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Black and white photo featuring a woman and man

It is with great sadness that we learnt of the death of Professor Peter Sleight earlier this month, at the age of 91. As well as being  a distinguished research cardiologist, Professor Sleight was a much loved and admired figure in the department and beyond.

Professor Sleight studied Medicine at Cambridge University and at St Bartholomew's Hospital Medical School, From1964, he worked as a consultant physiciana and cardiologist in Oxford, and went on to become the very first Field Marshal Alexander Professor in Cardiovascular Medicine, a position he held until 1994. He retired from this position in 1994, but continued to work at the John Radcliffe Hospital in Oxford. During those time, he was a mentor to many people who are now senior leaders within the Division of Cardiovascular Medicine. 

Professor Hugh Watkins said "‘Peter has long been a father figure to many in cardiovascular research and clinical care in Oxford and will always be remembered with huge affection and admiration. And of course his impact goes round the world, he was truly a giant in our field. It's extraordinary to consider that we won't all be able to attend his funeral.  I am sure that there will be a memorial when circumstances permit.’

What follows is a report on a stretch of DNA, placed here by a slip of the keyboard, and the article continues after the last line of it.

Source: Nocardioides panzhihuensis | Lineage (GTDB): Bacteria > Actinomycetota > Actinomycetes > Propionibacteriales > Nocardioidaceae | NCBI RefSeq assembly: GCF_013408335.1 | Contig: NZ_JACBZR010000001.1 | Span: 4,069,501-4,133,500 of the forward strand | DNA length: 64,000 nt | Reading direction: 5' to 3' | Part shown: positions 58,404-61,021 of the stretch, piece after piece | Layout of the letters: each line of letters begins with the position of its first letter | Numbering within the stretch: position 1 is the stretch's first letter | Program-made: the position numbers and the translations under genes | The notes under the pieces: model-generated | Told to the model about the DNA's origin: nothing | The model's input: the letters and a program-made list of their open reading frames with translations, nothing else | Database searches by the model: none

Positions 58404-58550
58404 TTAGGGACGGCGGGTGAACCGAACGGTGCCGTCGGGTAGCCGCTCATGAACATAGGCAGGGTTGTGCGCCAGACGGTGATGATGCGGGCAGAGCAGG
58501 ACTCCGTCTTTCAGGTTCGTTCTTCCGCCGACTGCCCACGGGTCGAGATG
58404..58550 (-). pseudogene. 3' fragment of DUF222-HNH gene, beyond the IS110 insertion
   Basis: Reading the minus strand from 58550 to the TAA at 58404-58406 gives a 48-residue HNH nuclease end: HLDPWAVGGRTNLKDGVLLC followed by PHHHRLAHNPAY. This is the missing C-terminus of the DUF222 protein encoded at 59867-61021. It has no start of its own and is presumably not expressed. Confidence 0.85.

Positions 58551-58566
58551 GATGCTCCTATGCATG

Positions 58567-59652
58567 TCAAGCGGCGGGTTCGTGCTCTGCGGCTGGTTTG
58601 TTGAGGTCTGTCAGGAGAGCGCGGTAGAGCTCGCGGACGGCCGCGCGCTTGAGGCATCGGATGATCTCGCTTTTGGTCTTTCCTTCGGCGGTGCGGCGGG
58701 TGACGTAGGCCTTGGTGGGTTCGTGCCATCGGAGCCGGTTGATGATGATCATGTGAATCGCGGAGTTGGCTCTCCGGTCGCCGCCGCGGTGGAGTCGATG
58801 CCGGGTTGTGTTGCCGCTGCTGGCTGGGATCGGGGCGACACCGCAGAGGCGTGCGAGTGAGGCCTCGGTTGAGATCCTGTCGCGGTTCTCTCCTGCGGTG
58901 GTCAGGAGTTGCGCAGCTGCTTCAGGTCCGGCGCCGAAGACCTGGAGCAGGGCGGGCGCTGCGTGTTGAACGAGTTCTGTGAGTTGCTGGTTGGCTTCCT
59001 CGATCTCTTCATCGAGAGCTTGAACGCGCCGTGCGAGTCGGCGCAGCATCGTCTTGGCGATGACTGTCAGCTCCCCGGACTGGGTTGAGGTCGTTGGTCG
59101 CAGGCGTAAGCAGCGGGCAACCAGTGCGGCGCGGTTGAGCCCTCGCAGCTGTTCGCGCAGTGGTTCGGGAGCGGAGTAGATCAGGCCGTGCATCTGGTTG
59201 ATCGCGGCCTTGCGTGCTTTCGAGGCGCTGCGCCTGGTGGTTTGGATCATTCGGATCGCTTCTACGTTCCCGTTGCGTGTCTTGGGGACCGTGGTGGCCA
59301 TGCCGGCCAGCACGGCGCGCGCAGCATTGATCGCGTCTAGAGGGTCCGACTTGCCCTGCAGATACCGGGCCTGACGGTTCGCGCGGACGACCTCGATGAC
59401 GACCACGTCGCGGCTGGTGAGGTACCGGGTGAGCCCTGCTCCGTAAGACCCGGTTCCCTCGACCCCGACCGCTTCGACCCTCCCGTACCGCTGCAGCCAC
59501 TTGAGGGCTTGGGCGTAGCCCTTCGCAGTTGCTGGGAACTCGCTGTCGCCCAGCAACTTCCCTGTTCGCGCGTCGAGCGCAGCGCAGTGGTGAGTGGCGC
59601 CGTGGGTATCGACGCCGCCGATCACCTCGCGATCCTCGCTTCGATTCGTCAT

I count Peter as one of the most important influences in my career, and am one of very many who do so.
- Hugh Watkins

He added "It's extraordinary to consider that we won't all be able to attend his funeral.  I am sure that there will be a memorial when circumstances permit." 

Professor Barbara Casadei (pictured above with Professor Sleight) said: "Peter was a man whose personality was large enough to fill a plenary auditorium – let alone a room. He was enthusiastic, unfailingly positive, and always upbeat: nil desperandum, was his usual comment when we had a paper or fellowship application rejected."

"As a proud Yorkshire man in Oxford, he came across as unstuffy and mostly unfiltered. All aspects of academic research were for Peter an endless source of fun and a way of making great friends – it was the greatest endorsement to choosing an academic career path I have ever had."

 

 

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